The idea of running out of resources is mostly bullshit. Most resources are renewable or convertable from something else. As technology or conditions change, a new equilibrium is reached and eventually the population and the environment adapts.
I think it is, generally speaking. As mentioned previously, even if 99.99% of the human population was to die out, we would repopulate the planet.
However, I also believe that if the human race does dissapear, it will be in all likehood as a result of our own actions. We’re probably too powerful for our own sake, and we’re way more likely to mess up big time than to be wiped out by a giant asteroid or some super-volvcanoes. I could imagine us destroying ourselves, all life on the planet or even the planet itself (while, say, experimenting with this brand new gravitional weapon, relasing an army of nano-killers or whatever else), within a couple centuries, while in the “short term” (some dozens thousands of years or so) our full demise from “natural cause” seems highly unlikely.
Nothing in this universe lasts forever, therefore Homo sapiens sapiens will not last forever. Quod erat demonstrandum.
Is there a really significant difference between this thread and the one you started earlier?
Are we fear mongering, or is the world going to swallow us alive?
I will leave them both open for a little while, but you need to refrain from loading the board down with lots of variations on the same question.
[ /Moderating ]
Biologically, humans are very expensive animals to keep alive. We’re large, reproduce slowly, require premium food sources and copious amounts of fresh water. We don’t have the ability to hibernate or produce durable eggs or spores. Without fire at an absolute minimum, humans would be no more numerous or widespread than apes. To survive humans need either a generous ecosystem or an artificial substitute for one. A cataclysm that both knocked down our civilization AND wrecked the environment would be very hard to survive indeed. I would bet on rabbits surviving an eco-catastrophe that humans couldn’t.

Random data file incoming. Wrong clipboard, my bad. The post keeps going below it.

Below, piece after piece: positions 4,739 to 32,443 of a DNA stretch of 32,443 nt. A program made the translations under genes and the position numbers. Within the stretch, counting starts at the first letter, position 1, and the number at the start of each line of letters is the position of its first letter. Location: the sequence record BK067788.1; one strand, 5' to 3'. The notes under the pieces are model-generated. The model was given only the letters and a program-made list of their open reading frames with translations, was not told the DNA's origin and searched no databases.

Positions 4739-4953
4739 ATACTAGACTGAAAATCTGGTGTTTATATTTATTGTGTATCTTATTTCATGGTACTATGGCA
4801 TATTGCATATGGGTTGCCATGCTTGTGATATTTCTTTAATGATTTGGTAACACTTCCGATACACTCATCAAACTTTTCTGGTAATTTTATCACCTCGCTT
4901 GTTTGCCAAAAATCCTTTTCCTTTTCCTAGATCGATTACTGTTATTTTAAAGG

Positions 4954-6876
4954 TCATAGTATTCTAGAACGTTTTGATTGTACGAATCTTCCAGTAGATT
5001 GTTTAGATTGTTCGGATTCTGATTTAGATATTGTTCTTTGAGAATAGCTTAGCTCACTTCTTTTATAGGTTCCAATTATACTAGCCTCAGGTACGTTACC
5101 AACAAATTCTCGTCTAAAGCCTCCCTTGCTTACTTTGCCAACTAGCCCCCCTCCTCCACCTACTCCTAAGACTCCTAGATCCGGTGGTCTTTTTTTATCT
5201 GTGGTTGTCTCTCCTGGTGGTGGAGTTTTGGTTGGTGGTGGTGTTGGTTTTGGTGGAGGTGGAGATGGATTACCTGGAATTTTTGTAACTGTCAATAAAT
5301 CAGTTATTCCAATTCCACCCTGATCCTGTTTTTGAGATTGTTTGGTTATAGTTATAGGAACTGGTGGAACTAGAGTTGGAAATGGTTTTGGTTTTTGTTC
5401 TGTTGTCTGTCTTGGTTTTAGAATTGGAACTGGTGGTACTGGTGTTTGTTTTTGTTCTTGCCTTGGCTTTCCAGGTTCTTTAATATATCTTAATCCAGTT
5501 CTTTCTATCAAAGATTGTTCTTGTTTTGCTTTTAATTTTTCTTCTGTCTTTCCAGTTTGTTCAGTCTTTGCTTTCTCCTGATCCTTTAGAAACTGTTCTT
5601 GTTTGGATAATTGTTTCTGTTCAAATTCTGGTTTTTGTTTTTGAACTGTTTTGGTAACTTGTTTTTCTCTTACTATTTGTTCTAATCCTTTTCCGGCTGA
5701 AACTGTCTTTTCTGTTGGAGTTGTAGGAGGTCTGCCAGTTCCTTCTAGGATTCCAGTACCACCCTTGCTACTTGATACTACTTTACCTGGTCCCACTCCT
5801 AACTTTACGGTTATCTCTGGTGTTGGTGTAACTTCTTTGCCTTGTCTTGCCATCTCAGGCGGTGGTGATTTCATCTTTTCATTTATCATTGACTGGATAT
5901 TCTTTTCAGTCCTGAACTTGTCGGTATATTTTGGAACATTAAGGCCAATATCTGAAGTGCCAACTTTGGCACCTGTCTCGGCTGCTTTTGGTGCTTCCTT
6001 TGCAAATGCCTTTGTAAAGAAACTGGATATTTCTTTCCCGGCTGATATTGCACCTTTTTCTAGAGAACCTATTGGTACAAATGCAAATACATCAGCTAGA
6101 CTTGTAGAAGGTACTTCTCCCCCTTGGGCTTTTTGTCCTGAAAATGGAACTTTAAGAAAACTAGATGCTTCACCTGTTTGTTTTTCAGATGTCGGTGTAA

I would say humans are within a 300-400 hundred years of a critical moment on our chances of lasting millions or more years as a species. If we can keep it together that long (in terms of technology advances, waging no planet wide nuclear wars, avoiding destroying the enviroment to the point of inducing worldwide famine etc.) than we have a chance of doing something that will ensure humans last a very long time.
That something is insterstellar space travel (at .1c or possibly greater), with the intent of establishing new colonies on planets that are similar enough to earth that humans can function and grow on them with some relative ease.
Humans on earth will eventually be wiped out. Asteroids, super volcanoes, nuclear or ash winters, super viruses, etc. Interstellar colonies will be wiped out over time too. But by having multiple eggs in our basket we can ensure that some humans, somewhere, will be forging on.
Two step process - highly contagious virus that has a one month symptomless gestation period and then you suddenly drop dead. This kills 99.99999% of the population, excluding a couple of isolated tribes, if them.
Then the meteor, to finish the job - survivors of the plague will inevitably use little science and be reliant on living off the land, and blackening the sky will end that.
I also feel a need to point out that humans have only been around for a couple hundred thousand years. In another couple hundred thousand years of evolution, we may not even be recognizable as humans anymore. So technically, homo sapiens will have died out.
Again with the freakin meteors. Yes, it is possible through some cosmic calamity like an asteroid strike, gamma ray burst or aliens enacting eminant domain to errect a hyperspace bypass, all life on Earth may be destroyed. Baring that, I just don’t see us wiping ourselves out completely.